Integrate more often. If you are integrating with dependant teams at the end of the Sprint, consider bringing their work into your daily build pipeline, or assign specific team members on both teams to work on integration from the start of the sprint
Track dependencies on other teams just like you would a User Story. Understanding of dependencies will grow during the Sprint. Make sure you are covering that dependency on the Daily Standup if nothing else to learn that “everything is proceeding according to plan”
Create an URGENT Slack/Teams channel, so that team members can always explicitly ask for help to solve a problem they are facing. When #Remote, even waiting one more day can make the problem harder to find.
When we are #Remote, collaboration and cooperation are harder to achieve, and transparency can be a critical trigger for that collaboration to flourish. Consider what you can do as a Scrum Master to improve collaboration. Every day.
Stay Safe, #StayHome
More tips, and more insights from the Scrum Master Toolbox Podcast
Rainer Tikk writes this guest blog post about what Product Development looks like from the perspective of a leader of a software organization in a mid-size bank. He’s the Head of Software Development at LHV, an Estonian bank betting on IT as a competitive advantage.
To a non-IT person, developing an IT solution might often seem like a mystical activity that boys with ponytails (and some girls) do in a dark basement somewhere. Moreover, software development, in general, is an expensive activity altogether and often takes more time than it really should. And even if there is money available to pay for the software development, more often than not, it’s almost impossible to find a developer to build the stuff you need.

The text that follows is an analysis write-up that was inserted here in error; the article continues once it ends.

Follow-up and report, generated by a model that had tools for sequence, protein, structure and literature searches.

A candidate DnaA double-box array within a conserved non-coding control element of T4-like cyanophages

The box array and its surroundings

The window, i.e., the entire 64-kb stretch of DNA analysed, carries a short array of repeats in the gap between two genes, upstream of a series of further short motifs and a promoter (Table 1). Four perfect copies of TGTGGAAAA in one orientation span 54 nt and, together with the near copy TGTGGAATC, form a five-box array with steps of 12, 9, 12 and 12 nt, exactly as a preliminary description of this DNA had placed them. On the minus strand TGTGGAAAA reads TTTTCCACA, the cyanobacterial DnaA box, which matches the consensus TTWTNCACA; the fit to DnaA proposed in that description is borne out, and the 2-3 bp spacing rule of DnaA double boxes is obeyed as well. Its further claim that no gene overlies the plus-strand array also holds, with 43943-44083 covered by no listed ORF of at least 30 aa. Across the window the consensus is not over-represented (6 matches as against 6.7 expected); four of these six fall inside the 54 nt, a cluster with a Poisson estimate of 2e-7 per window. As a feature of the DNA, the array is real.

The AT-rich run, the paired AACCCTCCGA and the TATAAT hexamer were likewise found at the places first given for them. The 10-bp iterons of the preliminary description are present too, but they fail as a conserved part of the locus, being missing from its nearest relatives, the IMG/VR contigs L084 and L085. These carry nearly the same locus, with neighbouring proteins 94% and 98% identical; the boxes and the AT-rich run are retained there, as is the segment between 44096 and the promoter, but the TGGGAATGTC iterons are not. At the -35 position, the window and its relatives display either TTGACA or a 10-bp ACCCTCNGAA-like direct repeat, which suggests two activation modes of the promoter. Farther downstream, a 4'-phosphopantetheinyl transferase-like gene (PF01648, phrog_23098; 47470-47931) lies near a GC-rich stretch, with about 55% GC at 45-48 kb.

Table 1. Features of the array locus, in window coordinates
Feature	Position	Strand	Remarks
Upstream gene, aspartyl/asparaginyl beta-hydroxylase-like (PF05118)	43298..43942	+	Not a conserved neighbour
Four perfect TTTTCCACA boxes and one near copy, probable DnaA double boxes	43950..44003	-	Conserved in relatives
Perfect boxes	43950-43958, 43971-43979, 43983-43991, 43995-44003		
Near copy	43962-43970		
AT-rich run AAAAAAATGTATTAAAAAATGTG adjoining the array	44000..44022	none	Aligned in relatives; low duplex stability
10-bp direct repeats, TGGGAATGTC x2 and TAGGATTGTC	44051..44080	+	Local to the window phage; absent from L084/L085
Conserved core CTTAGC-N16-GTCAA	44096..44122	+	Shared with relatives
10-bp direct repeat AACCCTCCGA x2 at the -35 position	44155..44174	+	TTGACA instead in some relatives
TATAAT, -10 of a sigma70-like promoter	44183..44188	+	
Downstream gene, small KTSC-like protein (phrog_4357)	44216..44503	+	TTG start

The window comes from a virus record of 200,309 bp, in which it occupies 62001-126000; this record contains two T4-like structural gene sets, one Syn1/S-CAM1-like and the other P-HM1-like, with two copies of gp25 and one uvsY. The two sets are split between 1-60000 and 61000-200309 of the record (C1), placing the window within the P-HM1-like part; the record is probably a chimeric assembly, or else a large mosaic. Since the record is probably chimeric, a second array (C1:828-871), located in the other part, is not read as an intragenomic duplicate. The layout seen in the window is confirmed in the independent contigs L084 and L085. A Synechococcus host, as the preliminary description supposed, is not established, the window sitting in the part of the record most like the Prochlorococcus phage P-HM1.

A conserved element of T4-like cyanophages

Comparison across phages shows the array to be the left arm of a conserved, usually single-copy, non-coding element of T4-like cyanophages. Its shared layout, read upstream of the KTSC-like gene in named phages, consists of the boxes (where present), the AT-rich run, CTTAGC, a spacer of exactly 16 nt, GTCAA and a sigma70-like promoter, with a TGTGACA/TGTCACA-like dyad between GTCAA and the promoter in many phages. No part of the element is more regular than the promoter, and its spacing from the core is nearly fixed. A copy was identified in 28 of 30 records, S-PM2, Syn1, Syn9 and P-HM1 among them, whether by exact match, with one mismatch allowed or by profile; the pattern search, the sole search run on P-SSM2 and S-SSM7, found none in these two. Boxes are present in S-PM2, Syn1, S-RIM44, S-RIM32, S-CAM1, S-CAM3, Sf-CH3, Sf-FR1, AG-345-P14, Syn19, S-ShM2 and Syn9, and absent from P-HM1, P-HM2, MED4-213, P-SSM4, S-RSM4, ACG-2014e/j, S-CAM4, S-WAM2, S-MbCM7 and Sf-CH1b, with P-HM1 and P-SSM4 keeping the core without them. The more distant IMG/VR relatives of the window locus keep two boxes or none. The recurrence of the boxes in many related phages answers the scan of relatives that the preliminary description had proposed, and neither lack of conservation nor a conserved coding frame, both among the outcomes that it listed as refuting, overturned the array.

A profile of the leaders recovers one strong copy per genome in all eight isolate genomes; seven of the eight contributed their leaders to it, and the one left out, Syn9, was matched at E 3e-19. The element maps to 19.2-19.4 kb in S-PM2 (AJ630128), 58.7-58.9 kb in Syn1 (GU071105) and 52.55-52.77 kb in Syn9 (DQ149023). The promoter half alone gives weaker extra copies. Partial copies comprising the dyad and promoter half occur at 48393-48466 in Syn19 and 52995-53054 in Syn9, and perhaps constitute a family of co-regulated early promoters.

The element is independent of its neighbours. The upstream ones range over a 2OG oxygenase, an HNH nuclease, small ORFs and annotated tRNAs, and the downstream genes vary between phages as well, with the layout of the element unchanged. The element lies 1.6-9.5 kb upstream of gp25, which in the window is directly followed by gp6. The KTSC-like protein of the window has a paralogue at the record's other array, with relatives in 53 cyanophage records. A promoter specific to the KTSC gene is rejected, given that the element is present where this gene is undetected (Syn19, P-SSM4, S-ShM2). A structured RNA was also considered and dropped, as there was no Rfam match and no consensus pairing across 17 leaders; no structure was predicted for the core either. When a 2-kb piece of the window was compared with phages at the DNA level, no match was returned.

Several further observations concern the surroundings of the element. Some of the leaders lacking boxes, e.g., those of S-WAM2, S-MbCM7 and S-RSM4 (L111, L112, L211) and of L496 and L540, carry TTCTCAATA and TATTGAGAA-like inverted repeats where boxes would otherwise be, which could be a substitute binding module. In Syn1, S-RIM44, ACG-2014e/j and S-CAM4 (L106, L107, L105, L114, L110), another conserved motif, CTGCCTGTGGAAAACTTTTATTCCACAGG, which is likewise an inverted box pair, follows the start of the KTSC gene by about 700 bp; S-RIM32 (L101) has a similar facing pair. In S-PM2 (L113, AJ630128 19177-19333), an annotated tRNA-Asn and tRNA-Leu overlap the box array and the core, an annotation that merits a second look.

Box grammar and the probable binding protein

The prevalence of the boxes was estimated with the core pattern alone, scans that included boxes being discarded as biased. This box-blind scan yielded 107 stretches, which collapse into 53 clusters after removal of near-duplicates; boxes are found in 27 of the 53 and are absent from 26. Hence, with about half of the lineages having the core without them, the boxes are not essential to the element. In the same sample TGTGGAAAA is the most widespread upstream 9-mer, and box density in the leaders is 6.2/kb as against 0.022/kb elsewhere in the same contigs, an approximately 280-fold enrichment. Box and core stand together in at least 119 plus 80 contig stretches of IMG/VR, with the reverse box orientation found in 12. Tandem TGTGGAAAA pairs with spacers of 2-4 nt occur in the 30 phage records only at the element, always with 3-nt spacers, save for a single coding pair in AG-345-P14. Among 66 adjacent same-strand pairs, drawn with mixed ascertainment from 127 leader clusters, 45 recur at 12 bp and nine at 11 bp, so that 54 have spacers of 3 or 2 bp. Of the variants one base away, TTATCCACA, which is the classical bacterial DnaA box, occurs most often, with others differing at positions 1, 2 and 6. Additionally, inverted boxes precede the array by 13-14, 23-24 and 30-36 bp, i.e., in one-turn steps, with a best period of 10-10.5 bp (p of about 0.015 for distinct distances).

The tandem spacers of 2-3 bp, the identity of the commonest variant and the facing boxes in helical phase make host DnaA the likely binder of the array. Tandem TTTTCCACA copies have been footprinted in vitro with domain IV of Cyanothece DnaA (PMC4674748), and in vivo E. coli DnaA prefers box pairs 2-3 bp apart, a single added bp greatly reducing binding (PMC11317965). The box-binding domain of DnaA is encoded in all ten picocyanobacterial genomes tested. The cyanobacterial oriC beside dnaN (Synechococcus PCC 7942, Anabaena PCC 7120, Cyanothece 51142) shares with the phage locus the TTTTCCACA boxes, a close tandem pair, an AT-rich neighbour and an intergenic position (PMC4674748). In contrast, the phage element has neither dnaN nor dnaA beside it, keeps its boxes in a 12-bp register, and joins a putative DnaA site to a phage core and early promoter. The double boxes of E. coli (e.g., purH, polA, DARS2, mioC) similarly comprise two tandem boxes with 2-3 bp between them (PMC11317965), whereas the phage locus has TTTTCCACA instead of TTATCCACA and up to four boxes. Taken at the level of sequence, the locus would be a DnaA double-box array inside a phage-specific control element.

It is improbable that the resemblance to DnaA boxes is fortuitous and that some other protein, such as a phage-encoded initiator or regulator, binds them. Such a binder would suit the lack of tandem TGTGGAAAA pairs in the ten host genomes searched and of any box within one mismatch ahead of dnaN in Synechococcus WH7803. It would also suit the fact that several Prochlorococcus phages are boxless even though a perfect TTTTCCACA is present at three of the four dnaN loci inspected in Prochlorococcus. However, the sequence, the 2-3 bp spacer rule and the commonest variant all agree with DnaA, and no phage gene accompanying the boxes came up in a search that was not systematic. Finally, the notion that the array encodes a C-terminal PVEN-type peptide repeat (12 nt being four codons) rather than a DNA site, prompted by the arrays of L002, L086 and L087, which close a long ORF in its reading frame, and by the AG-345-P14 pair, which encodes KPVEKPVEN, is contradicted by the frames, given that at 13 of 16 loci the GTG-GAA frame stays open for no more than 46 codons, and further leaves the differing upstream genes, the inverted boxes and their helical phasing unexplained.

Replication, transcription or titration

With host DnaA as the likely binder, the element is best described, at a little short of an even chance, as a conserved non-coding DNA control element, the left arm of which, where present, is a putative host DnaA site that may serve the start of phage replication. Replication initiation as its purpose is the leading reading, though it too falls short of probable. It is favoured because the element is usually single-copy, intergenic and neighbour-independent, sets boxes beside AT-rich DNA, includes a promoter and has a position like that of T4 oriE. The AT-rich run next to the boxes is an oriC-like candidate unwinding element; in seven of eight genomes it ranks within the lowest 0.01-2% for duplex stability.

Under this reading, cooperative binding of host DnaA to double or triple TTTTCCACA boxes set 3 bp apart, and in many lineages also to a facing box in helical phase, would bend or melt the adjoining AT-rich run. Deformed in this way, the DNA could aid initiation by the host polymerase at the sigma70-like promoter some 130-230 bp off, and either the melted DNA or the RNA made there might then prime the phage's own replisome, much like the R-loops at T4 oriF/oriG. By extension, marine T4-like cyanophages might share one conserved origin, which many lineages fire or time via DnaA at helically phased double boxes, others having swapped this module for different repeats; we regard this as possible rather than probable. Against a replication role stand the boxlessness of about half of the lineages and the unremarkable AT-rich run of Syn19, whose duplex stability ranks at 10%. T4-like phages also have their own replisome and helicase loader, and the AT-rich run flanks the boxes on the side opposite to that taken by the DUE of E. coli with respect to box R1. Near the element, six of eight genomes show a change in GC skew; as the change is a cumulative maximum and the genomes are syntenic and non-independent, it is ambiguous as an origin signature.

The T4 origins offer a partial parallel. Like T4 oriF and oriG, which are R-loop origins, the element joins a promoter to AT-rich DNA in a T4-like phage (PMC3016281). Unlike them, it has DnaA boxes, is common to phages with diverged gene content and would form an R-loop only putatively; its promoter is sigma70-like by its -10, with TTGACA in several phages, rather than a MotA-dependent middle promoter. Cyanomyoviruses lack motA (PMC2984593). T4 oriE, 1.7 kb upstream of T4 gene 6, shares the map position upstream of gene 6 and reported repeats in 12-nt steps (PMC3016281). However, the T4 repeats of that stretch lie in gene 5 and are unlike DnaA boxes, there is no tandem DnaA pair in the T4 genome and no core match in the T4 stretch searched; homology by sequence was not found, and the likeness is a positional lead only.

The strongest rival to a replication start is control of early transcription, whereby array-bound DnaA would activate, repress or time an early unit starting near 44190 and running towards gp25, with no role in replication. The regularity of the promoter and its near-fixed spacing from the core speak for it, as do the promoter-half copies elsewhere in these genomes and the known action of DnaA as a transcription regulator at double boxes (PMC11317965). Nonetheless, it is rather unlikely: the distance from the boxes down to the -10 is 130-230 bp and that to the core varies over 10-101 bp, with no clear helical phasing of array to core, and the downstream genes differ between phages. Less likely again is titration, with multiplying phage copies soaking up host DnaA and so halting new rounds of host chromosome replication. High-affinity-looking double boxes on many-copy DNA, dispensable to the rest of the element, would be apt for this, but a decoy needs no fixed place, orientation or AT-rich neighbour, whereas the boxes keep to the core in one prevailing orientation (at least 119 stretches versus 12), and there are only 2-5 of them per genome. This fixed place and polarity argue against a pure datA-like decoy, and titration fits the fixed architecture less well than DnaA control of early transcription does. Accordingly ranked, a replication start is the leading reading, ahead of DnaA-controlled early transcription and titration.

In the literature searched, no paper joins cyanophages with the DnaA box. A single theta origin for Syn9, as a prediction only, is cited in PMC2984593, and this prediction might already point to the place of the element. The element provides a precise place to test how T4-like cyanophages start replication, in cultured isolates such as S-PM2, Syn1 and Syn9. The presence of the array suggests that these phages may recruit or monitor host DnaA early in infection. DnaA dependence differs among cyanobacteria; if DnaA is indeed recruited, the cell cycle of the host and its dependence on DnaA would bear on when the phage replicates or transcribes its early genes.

The financial processes of companies can defeat their own efforts to become more agile. It’s simply impossible for an organization to be adaptable if their project processes require all projects to be specified up-front and funded months ahead of their starting date.
Tackling the financial process changes in our organizations is one of the make-or-break aspects of helping organizations become Agile and adaptable.
In this episode, we talk about Lean and Agile Financial Planning (PDF article download), an approach that tries to adopt Agile and Lean thinking in the funding and financial processes of an organization.
The reason why Lean and Agile Financial planning is a core aspect of Agile transformation in enterprises
When we get started as Scrum Masters, especially those that have a Project Management or Management background, we tend to “enforce” Scrum. As our understanding progresses though, we start to learn that there’s a lot of value in helping teams learn by themselves, help them feel confident and take over the process.
In this episode, we discuss that change in our approach to the Scrum Master role, and a lot more!
Doug has been an agilist since before it was cool, as his first agility client can attest. He is currently the Director of Agile Development & Coaching at Wisconsin-based Flexion inc., leading agile teams that serve both private and public sector clients. His current hobby is thinking beyond agility, to antifragility.
Ben is a project manager with experience in developing digital services and products for worldwide clients. He’s learned some very important lessons and shares some of his key insights with you in this special episode, where we dive deep into the project manager role and the project management world.